Maya Penn is a 17-year-old designer, animator, illustrator, and girl-wonder who is using her work to inspire a better world. We spoke to her about her creative process, role models, inspiration, and her new environmentally-driven animated series, “The Pollinators.”
What led you to become an animator? Why animation, and how did you get started?
Animation has always been my favorite form of storytelling. I’ve always loved animated shows and films – every time I finished watching an animated movie, I immediately wanted to know how it went from concept to final film. I watched every behind-the-scenes interview that I could find to hear from the movie’s animators. Those were my biggest teacher. When most kids at a young age realize that their favorite animated characters aren’t “real,” and are just the product of animators, writers, voice actors, etc., it can ruin the magic in a way. But for me, it made all of my favorite cartoons and movies even more magical because I realized I could create my own characters, worlds, and stories.
Do you believe art can drive social change?
Art is and always will be a form of expression, so it only makes sense that artists use their creativity to tackle the social issues they’re passionate about. Art shares a message and tells a story in a way unlike anything else, and it can have an extremely profound impact on people. Being exposed to powerful art can shape the person you are and what perspective you continue to see the world in.
I have always been a women’s rights and environmental activist. I hope to create awareness about social/environmental issues through my animation and inspire others to make a positive impact in the world.
We love that “The Pollinators” focuses on the environment and how young people can make a difference. What inspired you to take action on this issue?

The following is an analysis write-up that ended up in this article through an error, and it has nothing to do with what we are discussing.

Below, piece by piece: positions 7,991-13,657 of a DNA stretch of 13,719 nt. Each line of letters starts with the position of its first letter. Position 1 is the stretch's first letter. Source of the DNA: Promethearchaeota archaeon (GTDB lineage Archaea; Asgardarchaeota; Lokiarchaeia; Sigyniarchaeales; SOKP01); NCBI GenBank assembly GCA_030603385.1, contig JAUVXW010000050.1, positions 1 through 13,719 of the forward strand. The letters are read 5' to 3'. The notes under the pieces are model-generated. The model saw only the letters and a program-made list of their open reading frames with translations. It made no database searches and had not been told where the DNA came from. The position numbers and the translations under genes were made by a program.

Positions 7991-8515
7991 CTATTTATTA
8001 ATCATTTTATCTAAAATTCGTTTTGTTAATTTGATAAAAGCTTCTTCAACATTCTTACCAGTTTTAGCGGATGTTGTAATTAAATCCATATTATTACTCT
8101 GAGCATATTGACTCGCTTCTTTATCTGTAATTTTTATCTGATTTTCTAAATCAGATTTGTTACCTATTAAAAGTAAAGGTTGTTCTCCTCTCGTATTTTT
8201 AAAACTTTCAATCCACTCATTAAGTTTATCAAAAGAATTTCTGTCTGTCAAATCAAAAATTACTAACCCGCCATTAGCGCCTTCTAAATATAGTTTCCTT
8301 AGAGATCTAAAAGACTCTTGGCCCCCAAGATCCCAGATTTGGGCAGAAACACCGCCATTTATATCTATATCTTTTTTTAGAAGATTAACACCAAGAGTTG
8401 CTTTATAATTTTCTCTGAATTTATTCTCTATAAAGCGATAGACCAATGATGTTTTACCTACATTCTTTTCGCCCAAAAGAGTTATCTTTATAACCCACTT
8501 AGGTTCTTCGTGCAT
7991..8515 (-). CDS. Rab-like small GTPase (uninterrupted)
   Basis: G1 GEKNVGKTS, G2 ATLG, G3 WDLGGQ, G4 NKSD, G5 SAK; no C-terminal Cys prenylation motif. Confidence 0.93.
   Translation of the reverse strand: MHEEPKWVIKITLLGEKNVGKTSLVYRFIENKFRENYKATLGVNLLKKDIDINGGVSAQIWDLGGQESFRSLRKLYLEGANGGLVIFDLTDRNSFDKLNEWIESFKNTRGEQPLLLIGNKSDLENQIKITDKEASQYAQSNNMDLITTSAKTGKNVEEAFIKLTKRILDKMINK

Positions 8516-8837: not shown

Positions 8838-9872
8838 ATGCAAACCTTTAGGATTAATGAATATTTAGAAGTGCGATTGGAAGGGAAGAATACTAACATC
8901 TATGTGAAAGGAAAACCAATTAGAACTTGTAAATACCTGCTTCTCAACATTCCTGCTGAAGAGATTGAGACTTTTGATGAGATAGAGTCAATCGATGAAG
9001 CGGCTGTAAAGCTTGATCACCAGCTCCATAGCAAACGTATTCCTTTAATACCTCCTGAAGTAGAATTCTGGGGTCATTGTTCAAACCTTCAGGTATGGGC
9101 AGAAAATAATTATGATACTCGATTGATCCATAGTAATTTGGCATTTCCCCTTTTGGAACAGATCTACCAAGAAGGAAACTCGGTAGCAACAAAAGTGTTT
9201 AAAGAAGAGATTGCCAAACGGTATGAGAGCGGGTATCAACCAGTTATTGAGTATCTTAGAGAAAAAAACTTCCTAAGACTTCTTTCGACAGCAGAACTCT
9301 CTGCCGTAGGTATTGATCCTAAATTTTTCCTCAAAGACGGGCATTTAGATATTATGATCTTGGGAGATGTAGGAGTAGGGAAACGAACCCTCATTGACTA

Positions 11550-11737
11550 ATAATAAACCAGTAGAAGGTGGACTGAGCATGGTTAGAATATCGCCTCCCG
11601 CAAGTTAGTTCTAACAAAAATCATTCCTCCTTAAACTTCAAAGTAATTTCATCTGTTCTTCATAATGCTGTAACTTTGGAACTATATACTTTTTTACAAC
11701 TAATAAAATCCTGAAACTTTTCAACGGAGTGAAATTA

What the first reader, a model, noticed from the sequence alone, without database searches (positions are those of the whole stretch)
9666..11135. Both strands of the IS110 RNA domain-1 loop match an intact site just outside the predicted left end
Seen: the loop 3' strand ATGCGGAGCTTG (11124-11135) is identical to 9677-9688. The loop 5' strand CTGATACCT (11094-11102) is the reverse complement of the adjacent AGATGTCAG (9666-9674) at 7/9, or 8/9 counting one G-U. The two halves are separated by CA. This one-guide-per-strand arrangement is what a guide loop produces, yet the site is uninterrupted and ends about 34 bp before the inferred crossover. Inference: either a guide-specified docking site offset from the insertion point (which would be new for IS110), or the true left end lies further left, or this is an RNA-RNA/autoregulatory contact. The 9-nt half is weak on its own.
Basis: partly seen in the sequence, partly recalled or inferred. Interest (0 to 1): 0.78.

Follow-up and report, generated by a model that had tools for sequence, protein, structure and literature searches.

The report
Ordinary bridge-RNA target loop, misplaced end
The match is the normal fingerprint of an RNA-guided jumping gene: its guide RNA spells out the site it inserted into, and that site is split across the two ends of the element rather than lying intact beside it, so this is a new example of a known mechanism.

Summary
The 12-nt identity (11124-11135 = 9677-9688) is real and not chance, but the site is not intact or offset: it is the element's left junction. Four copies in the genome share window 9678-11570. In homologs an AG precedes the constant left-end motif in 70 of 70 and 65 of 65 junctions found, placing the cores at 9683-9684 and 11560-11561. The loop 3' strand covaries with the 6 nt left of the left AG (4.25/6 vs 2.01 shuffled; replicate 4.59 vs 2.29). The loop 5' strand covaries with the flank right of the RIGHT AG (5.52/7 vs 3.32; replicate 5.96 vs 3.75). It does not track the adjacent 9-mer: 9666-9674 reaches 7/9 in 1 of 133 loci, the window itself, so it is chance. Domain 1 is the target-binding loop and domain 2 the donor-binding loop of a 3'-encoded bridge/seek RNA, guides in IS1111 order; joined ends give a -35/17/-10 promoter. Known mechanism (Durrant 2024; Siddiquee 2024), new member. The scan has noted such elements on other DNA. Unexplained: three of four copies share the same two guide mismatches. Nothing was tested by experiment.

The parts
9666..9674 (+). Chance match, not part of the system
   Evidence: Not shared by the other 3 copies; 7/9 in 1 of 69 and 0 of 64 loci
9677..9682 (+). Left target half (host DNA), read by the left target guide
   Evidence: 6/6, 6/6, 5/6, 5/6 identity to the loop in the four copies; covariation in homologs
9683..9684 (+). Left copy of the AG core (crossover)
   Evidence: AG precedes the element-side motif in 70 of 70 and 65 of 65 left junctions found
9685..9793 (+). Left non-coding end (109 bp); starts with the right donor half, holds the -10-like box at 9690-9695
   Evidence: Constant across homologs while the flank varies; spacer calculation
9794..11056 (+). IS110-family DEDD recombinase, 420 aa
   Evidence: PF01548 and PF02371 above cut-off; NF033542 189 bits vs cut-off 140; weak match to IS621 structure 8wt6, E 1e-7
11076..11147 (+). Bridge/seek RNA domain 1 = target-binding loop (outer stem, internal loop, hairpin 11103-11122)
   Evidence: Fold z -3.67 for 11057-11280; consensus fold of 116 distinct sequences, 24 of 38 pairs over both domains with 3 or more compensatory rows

It’s so crucial for youth to be aware of what’s happening in the environment and to take steps towards a more eco-friendly world. We need to take action now to preserve this world for future generations. Environmental issues tend to be very daunting, but presenting the importance of environmental responsibility through animation takes away some of that pressure and gets youth inspired and excited about doing something to make a difference.
You wrote “The Pollinators” to include several strong female leads. Where did you find the inspiration for these characters?
Since I first started animating, it has been evident to me that animation is a very male-dominated field. When I was younger, I couldn’t name one single woman that worked in animation. It was really odd for me to see zero representation of female animators, and especially any women of color in the field of animation. I wanted to create characters who could fill those gaps, who could be those role models.
There are a lot of strong and relatable female characters in “The Pollinators,” and a lot of their personality traits stem from the female role models in my family and my life. I hope that girls who watch the series will be able to learn a lot from these characters and see bits of themselves in them.
Animation is a very layered medium. You’re designing characters, backgrounds, writing, illustrating — and that’s all before anything moves! What is your workflow like? Walk us through your process.
When I get an idea for an animation, the concept either comes first in the form of the story or the character(s). If there is a strong plot I’ll usually begin writing that out first. Along with the storytelling I also really enjoy world building, adding details, depth, and lore to the world to make the environment the characters live in more believable. From there I like to go into character design, which is just me drawing the character(s) over and over again, changing bits and pieces as I go, until I feel content with the design and the complexity level of animating it.
I learn a lot about the personalities of my characters as I continue to draw them, which is why I write info/bios about the characters after I’ve drawn them and studied them for a bit. From there I storyboard, add in voice acting, go through multiple passes of animation, coloring, adding backgrounds and final visual effects, tweaking sound, and make final adjustments. This doesn’t include the dozens of times I watch it as I go to catch anything I might have missed when looking at details. It’s a long process, but it’s so much fun! It’s so rewarding knowing I made something completely from scratch.
To see more of Maya’s incredible work, follow her on Instagram @mayasideas.